The upside of falling cobalt and lithium prices: cheaper EV’s
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Average battery prices will fall well below $150/kWh in 2019, driven by intense competition between manufacturers and falling cobalt and lithium prices, research service Bloomberg New Energy Finance (BNEF) says.
At the end of 2018, average battery pack prices had reached a record low at $176 per kWh, according to BNEF head of energy storage Logan Goldie-Scot.
The magical $100 per kWh price tag for a battery pack is thought to be the tipping point where EV and internal combustion engine (ICE) costs reach parity.
Benchmark Mineral Intelligence boss Simon Moores says 2019 could be the year lithium ion batteries go below $100/kWh.
(Tesla has claimed before that its batteries are close to that $100/Kwh mark)
“Lower lithium and cobalt prices will help this, but manufacturing scale and improvements will drive it,” he Tweeted.
Our 2018 Battery Price Survey has found that the volume-weighted average price of a lithium-ion battery pack is $176/kWh – the price has fallen 85% in real terms since 2010 due to tech improvements resulting in higher energy density at the cathode material, cell & pack level. pic.twitter.com/BhnA6ezLrd
— BloombergNEF (@BloombergNEF) December 19, 2018
Electric vehicle sales up by “only” 40 per cent
There are now just under 5 million passenger electric vehicles on the road globally (excluding buses and other commercial vehicles).
Colin McKerracher, BNEF’s head of advanced transport, reckons another 2.6 million EVs will be sold this year.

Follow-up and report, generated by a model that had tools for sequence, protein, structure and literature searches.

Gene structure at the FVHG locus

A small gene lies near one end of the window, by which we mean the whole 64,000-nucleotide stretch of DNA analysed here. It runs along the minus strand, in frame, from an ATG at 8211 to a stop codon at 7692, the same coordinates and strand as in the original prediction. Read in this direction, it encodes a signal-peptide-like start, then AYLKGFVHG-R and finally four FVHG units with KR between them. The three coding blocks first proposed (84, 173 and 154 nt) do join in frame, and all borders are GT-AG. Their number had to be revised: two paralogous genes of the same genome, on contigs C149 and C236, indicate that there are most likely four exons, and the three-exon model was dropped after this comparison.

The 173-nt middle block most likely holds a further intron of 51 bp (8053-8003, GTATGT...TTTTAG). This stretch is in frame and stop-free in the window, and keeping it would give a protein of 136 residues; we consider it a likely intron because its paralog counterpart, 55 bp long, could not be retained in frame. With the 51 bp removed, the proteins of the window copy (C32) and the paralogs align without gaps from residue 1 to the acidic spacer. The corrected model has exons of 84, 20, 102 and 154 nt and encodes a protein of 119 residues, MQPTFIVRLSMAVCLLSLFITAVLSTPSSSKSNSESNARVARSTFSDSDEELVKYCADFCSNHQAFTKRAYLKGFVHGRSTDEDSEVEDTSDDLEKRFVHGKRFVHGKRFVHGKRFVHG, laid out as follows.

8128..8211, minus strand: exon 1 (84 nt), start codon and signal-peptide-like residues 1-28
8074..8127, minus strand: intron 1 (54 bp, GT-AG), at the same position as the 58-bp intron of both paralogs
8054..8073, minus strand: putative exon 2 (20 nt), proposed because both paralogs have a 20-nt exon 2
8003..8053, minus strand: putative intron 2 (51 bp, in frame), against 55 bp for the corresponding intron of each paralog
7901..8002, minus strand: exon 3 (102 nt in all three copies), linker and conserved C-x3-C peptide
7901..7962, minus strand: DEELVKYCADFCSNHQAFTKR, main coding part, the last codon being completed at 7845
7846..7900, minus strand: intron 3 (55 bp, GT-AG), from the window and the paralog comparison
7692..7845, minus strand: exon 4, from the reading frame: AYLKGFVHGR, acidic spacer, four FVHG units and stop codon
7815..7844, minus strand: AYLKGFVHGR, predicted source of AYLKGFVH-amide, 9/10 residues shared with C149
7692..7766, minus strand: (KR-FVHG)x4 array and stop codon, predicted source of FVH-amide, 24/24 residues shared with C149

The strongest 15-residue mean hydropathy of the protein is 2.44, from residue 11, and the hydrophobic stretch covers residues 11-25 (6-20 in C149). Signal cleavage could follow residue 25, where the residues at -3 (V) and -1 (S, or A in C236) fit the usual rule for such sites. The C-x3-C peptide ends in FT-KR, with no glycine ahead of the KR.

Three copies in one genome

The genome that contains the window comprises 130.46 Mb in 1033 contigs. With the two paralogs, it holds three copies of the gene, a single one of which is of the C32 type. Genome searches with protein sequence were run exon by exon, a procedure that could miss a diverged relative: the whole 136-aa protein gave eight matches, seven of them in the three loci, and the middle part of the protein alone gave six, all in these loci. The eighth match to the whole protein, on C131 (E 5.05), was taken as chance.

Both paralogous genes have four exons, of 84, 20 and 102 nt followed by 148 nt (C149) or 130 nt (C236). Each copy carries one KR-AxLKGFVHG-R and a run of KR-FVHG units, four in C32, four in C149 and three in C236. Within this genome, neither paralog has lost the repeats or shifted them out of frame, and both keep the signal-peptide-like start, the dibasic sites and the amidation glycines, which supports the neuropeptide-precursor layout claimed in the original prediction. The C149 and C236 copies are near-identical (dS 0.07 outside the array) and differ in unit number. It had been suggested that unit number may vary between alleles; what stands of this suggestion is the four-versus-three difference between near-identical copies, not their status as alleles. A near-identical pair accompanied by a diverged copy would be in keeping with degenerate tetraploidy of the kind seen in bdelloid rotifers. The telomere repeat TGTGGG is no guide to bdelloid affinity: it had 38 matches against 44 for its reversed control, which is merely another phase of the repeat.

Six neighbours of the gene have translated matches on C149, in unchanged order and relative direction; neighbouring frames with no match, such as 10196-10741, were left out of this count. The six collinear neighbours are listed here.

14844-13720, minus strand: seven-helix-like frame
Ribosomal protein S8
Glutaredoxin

This is a growth rate of “only” 40 per cent, down from the 70 per cent growth rate in 2018.
“China will again lead, with some 1.5 million of those sales, representing around 57 per cent of the global market,” Mr McKerracher says.
Broader macroeconomic factors – like higher interest rates and slowing consumer spending — and the phasing out of EV subsides will impact global sales.
“China’s market is in transition, and the recent annual doubling of sales every year looks unlikely to hold in 2019,” Mr McKerracher says.
“We expect subsidies to be cut in February, but with a phase-out period that lasts until the end of the second quarter.
“In markets like the US and the UK, direct purchase subsidies are already starting to wind down.”
Energy storage set to break records
Mr Goldie-Scot also says annual global energy storage deployments in 2019 will exceed 10GWh for the first time in the history of the market.
“This includes both utility-scale and behind-the-meter assets and will be up from last year’s estimated 8GWh (or 4GW) of new installations,” he says.